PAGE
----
An important ruling on foreign financial accounts

March 1, 2011
Tulum, Mexico

Last night my partner and I held our monthly subscribers-only teleconference for premium members, and one of the hot topics was the ambiguous nature of laws.

Everywhere in the world, laws are riddled with errors, discrepancies, omissions, and double think. Often these ambiguities are intentional– a result of political bargaining or lobbying to maintain a back-door loophole that only affects a small percentage of the population.

More often than not, though, the ambiguities are unintentional, derived from the haste and incompetence of lawmakers. Whatever the reason, there are some rules that are so opaque that legal volumes are filled with case studies and court interpretations.

US tax code and offshore regulations are great examples.  Current law requires US taxpayers to report ownership interest and signature authority over foreign financial accounts (“FFAs”) if the total value of those FFAs exceeds $10,000.

Seems clear, right? Wrong. There has been a lot of debate over the last few years about what specifically constitutes an FFA. This is an important distinction since, as you could imagine, the IRS can impose nasty penalties for not reporting.

Central to this issue are firms like GoldMoney which store precious metals on behalf of customers in exchange for fees or high purchase premiums. Do these constitute FFAs? It’s been unclear for quite some time.

On one hand, individuals who purchase precious metals through gold money are effectively making an investment, and the underlying asset is being held by a custodian overseas. This is similar to buying commodities or shares through a Swiss broker, a case which clearly meets the existing definition of an FFA.

On the other hand, since gold does not meet the standards of a monetary instrument as defined by the US government, paying a firm like GoldMoney to hold personal assets offshore is no different than paying fees to an overseas storage facility to stash your antique collection or extra bedroom set.

Well, the Financial Crimes Enforcement Division of the IRS has just issued a new interpretation of the regulations. Bottom line: GoldMoney counts. If another human being or firm takes charge of your gold and holds it in custody, this constitutes an FFA and triggers reporting requirements.

Bear in mind, the reporting requirements are simple: you tick a box on Schedule B of your 1040 when you file your taxes, and you fill out a separate form TDF 90-22.1 by June 30th annually which provides details on your FFAs for the previous year.

This recent ruling will apply retroactively to 2010, so if you had a GoldMoney account in 2010, you’ll need to fill out the forms this year.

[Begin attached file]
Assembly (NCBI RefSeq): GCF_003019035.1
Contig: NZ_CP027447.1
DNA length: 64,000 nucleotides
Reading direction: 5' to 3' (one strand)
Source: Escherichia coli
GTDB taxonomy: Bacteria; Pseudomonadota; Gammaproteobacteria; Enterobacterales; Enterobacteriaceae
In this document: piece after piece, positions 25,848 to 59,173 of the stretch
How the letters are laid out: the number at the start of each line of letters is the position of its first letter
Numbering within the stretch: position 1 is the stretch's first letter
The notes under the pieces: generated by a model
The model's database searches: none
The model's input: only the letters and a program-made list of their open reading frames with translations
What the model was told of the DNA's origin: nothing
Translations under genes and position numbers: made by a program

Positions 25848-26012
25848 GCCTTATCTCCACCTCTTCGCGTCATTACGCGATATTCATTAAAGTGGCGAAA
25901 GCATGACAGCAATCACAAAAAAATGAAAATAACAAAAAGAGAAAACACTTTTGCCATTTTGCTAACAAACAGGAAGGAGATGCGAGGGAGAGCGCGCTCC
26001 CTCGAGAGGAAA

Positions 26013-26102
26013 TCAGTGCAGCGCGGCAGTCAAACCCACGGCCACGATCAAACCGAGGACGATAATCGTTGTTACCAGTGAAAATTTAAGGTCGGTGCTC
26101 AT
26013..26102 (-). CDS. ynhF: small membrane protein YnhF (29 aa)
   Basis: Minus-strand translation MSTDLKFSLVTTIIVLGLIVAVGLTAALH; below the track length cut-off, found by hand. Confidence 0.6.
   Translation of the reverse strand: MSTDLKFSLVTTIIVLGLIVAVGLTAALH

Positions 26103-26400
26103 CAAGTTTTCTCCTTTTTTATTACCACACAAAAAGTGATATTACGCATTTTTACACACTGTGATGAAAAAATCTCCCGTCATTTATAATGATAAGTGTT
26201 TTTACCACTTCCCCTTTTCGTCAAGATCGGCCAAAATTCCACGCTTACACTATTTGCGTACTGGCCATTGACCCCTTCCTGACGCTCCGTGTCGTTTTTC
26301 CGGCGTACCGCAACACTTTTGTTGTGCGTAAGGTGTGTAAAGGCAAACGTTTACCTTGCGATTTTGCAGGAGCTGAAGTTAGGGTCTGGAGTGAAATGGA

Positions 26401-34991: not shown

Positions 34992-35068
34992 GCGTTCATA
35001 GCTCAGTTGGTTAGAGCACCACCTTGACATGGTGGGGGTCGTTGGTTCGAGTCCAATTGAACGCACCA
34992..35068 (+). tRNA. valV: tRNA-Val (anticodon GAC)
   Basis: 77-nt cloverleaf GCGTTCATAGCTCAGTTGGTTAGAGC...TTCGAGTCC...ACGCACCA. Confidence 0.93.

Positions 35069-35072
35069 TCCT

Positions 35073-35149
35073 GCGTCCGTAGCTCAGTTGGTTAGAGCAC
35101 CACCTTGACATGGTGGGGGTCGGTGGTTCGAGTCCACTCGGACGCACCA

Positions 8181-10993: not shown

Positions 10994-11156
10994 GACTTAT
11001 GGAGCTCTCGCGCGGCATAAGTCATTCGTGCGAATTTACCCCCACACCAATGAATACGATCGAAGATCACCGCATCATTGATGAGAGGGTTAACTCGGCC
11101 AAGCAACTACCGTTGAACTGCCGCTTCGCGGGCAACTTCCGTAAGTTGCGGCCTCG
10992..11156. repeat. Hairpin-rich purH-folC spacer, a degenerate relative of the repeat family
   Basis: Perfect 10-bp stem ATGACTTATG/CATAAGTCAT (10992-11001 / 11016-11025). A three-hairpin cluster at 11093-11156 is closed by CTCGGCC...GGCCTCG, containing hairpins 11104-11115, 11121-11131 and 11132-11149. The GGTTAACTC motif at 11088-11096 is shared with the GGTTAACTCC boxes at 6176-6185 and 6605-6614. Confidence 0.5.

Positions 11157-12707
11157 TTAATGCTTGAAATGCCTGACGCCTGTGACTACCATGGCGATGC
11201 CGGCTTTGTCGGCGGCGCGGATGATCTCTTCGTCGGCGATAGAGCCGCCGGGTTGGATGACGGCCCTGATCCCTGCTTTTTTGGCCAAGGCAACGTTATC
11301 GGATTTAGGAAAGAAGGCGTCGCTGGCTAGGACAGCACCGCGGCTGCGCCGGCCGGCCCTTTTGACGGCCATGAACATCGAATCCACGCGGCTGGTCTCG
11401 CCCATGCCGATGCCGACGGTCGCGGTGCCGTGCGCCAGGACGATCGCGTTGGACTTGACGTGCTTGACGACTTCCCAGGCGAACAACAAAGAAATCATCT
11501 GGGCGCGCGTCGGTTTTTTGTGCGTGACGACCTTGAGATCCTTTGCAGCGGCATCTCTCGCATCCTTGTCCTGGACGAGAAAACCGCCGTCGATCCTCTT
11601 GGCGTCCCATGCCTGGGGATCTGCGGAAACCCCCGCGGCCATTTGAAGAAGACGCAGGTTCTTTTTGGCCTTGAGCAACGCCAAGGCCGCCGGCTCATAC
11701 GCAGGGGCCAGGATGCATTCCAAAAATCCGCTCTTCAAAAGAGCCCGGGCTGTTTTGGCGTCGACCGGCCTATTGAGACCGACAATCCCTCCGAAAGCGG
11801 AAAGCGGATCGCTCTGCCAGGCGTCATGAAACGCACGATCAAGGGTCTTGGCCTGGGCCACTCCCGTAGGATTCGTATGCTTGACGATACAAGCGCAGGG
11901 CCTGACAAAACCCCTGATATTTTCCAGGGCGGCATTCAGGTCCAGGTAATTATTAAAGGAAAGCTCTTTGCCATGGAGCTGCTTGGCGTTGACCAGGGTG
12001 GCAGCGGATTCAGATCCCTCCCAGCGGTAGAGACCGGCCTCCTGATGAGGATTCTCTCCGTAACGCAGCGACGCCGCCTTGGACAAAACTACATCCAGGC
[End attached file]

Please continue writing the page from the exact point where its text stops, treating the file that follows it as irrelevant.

It appears from this ruling that offshore safety deposit boxes that you control do not constitute FFAs, i.e. if you hold gold in a private vault in Switzerland, and that gold is technically controlled by you because you keep the key and vault code, this would not be an FFA.

Again, though, this issue is left a bit unclear. Go figure, when the bureaucrats try to clear up the regulatory ambiguities, they still leave plenty of holes.

On that note, I also find it ironic that the Financial Crimes Enforcement Network is the body that issued this ruling. It certainly begs the question what holding gold overseas has to do with financial crimes…

Sure, they always use drug trafficking, terror financing, and money laundering as an excuse for everything these days, but I think it’s an important indication that Uncle Sam is viewing anyone who doesn’t swallow their fiat lies hook, line, and sinker with a suspicious eye.

In any event, it’s good that there’s at least some clarity on the issue. Some people worry that having to disclose their financial details to the government means that their money isn’t safe, even overseas. They think that their home government will still be able to confiscate it if they file the reports.

I disagree with that logic. If you keep your money and your assets in your home country, there are armies of bureaucrats at the state/provincial and federal level who can freeze you out of your own accounts and confiscate assets whenever they want.

If your money is offshore, outside of their jurisdiction, they don’t have the authority. Anyone who will want to go after your offshore assets will have a series of insurmountable obstacles in front of them that span diplomatic, procedural, legal, and regulatory challenges.

In most cases, it’s just not worth it.

Let me put it to you this way… if a thief really, truly wanted to steal your car, s/he would be able to do it, right? So does this mean that you should never lock your car, hide valuables from plain sight, engage a car alarm, and use other security tools? Of course not.

Make it a bit more difficult for them, and the felons will move on to the easier targets.

In the meantime, all it takes for peace of mind is a few annual disclosures, and I have no doubt that it’s well worth it.